The space between friendship and intimate relationships can be a gray area to navigate and varies greatly from person to person. In episode 267, I received a question from an individual who has found themselves stuck after an intimate encounter with a friend left them feeling rejected and upset. In this post, I dive into more detail and look at relationship and personal boundaries, as well as steps you can take to repair a relationship that may have unintentionally crossed the line.
First off, thank you for all you do for this community, even amid a pandemic. I’m a 24-year-old female living with depression, ADHD, anxiety, and possibly Borderline Personality Disorder (though undiagnosed). My question has to do with the line between friendship and intimate relationships.
A year ago, I matched with an old high school classmate (we didn’t know each other until now) on Tinder and we started talking, almost every day. Over time, we started to grow closer and closer to one another and he is now one of my best friends. Once the mask restrictions in California started to lift, we started to meet up, just hanging out at first but the last two times got rather… intense. What we planned as a “friend-to-friend cuddle session” turned into something else entirely, consisting of intimate touching, kissing, and sexual suggestions, though nothing sexual took place. I think this caused me to fall head over heels for him, so when I confessed these feelings and got rejected, I was very confused and distraught.
I have never experienced these activities with a friend. Is this considered normal? I feel like we had different expectations and interpretations which is now causing us to drift apart rapidly. I can’t help but feel like this is my fault; just another case of me ruining a healthy friendship. How can we go about repairing this relationship, moving on from my romantic feelings and intentions, and remaining friends? Thanks again, and I look forward to your next podcast!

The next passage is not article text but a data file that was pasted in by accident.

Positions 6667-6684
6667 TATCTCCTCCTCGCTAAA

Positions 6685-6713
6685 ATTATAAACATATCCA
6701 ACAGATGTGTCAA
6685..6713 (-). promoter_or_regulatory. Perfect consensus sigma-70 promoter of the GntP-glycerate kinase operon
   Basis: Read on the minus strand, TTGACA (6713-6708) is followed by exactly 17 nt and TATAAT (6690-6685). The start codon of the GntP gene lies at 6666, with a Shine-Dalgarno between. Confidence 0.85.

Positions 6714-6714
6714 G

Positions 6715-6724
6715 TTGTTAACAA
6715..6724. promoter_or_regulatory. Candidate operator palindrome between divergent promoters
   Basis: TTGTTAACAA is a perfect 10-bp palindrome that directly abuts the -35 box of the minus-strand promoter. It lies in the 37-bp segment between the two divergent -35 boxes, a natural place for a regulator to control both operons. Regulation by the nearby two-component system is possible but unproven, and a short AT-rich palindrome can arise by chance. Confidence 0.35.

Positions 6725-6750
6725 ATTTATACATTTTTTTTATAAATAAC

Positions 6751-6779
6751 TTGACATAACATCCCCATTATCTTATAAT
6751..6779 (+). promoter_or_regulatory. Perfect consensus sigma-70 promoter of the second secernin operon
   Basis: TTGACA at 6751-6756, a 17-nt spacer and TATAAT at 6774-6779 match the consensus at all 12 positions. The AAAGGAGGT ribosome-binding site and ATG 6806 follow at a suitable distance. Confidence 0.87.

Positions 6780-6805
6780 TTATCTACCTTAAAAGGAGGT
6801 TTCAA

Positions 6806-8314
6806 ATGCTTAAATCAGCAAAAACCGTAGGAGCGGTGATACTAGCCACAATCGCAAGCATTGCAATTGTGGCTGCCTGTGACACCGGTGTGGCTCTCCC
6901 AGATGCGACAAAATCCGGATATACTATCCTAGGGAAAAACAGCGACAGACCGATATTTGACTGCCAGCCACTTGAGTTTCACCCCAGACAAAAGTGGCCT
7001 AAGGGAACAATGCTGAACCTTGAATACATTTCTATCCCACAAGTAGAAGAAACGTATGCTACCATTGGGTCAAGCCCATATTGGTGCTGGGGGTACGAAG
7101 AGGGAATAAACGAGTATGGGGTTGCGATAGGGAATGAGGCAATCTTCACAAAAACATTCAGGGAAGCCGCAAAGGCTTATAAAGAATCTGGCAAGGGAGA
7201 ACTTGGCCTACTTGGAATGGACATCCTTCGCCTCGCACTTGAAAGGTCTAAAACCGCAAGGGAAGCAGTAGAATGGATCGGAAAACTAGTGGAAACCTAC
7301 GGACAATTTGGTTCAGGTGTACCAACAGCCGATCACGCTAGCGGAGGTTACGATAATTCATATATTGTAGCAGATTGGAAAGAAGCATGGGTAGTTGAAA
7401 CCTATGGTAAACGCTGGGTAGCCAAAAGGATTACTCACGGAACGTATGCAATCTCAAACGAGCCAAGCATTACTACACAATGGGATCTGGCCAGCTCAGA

Good question! Some interesting stuff here. You asked a few questions, so I want to make sure I try to tackle each of them.
First off, you mentioned a variety of diagnoses that you have and that you probably have borderline personality disorder. I really do suggest not diagnosing yourself, but one of the features of borderline is a sort of boom and bust pattern in relationships. You may have a tendency to dive headfirst and be all-in on new relationships. This can also be the case for celebrities or influencers, hobbies, involvements etc. The difference between ADHD hyper-focusing and borderline is really what happens after that phase of idealization. A lot of people with BPD become very strongly emotional and hypervigilant about signs of rejection. This often causes them to act out in ways that can sabotage the relationship, causing a sort of self-fulfilling prophecy. So when considering this situation, think about how well it might fit into this description and how consistent it is with other relationships that you’ve had.